Solar power in the U.S. has suffered from scandals over government funding, cost thresholds that have curbed acceptance and what some see as unfair dumping by manufacturers in China.

But scientists aren’t giving up on solar technology. UCLA researchers announced last week that they have produced a new organic nearly clear film that produces electricity from infrared light. This solar film, a potential game-changer according to a report by veteran environmental writer Dean Kuipers in the Los Angeles Times, improves on similar products because it is virtually clear and could conceivably be painted or draped on a variety of buildings and products.

But wait, there’s more. This film could be used as a coating on electronic devices, effectively helping them power themselves, and it won’t cost that much to produce, according to team leader Professor Yang Yang.

“Our new PSCs are made from plastic-like materials and are lightweight and flexible,” Yang said in a UCLA release. “More importantly, they can be produced in high volume at low cost.”

Made using silver nanowires, the solar film collects only infrared rays and is less efficient — converting 6 percent of solar rays into electricity compared with 11-12 percent by existing PV panels. But its compact size and transparency, compared with the blue or black color of silicon solar panels, opens the door for many new applications.  On a window, for instance, it could simultaneously produce electricity and filter out damaging light.

3 – A City that’s Seizing Solar Power

CPS solar panels near San Antonio. (Photo: CPS)

San Antonio,  the nation’s 7th largest city, has moved a step closer to becoming the solar powerhouse it envisions becoming.

Last week, the municipally owned CPS Energy  signed a deal with OCI Solar Power that will support five solar plants  to be built in and around San Antonio or in West Texas, where the energy can be collected for use by the city. These solar farms are expected to produce 400 megawatts of power, enough to supply 70,000 households with all their electricity needs.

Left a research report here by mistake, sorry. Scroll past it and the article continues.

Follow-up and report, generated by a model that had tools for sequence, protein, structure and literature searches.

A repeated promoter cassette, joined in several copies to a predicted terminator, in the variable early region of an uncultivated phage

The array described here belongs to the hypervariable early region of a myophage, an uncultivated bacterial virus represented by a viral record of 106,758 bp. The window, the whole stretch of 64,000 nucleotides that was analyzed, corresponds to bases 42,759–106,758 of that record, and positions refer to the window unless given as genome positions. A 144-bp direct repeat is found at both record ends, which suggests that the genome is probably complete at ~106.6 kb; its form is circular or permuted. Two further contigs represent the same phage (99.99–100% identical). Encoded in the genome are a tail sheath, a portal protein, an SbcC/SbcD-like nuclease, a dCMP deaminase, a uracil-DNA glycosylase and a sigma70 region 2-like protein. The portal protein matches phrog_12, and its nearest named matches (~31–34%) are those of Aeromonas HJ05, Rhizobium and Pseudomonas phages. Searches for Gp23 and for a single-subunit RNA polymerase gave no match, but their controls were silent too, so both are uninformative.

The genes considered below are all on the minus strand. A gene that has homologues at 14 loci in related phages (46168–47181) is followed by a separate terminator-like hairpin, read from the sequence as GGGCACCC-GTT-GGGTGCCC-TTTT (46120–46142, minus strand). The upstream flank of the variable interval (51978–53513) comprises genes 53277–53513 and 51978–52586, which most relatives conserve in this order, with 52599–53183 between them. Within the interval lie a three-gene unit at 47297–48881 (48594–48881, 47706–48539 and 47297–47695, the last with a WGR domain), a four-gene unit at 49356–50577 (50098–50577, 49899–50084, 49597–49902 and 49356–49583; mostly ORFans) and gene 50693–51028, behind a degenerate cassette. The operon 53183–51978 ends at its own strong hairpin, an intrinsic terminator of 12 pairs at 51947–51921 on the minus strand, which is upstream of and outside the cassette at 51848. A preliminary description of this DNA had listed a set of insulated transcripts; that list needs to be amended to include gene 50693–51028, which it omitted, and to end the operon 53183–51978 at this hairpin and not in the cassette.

The new deal  will be supported by a $100 million high-tech manufacturing plant, estimated to create 805 new jobs, to be built by Nexolon America  on the city’s southern side, according to a city report.

The agreement between CPS and OCI calls for the utility company to buy all of OCI’s power for 25 years, providing a powerful incentive for full build-out of the solar installations.

San Antonio’s Mayor Julian Castro has promoted clean energy as a way for sunny San Antonio to grow and remain economically strong. Other Texas cities could take their cue from Castro, whose trailblazing might just wake up the rest of the state, which also enjoys tremendous solar potential.

“San Antonio continues to see economic growth with good-paying, sustainable jobs,” said Mayor Castro, in a prepared statement on the OCI deal.  “CPS Energy’s pursuit of clean energy and energy efficiency has attracted seven clean technology companies and a commitment, thus far, of a million dollars to local education. Those are the kinds of partnerships we welcome as we focus on our city’s current and future needs.”

4 – The Energy EGG

The Energy Egg turns it all off.

Four years in the hatching, the TreeGreen “Energy Egg”, developed by a British father concerned about rampant home energy use, will soon be distributed in the U.S..

The Energy Egg concept is simple — when it senses a room is empty, it turns off all the electronics — TVs, computers and games — using wireless technology.

A story in The Mail explains that software engineer and 37-year-old dad Brian O’Reilly, conceived of the idea as he roamed the house each night shutting down electronics and computers that his three daughters and wife had left on.

“So Brian went to his workshop and hatched an idea for the ‘Energy EGG’, which uses clever technology to sense when a room is empty and turn off unused electrical devices,” according to The Mail.

This summer O’Reilly signed a deal to distribute 100,000 in the US.

5 – Overpasses and underpasses that help wildlife safely cross highways

An overpass in the Netherlands invites animals to cross without risking their lives.

These aren’t new, but they’re making a splash on the Internet this summer, due to a story on The World Geography website.

Europe seems to be leading the pack with these humane bridges that assist wildlife in avoiding dangerous highways. The Netherlands, which helped start the trend, has more than 600 of these wildlife crossings, according to the story.

Wildlife corridors over roads also turn up in the United States (crossings in Montana and Washington are pictured), Canada and Australia. Nice.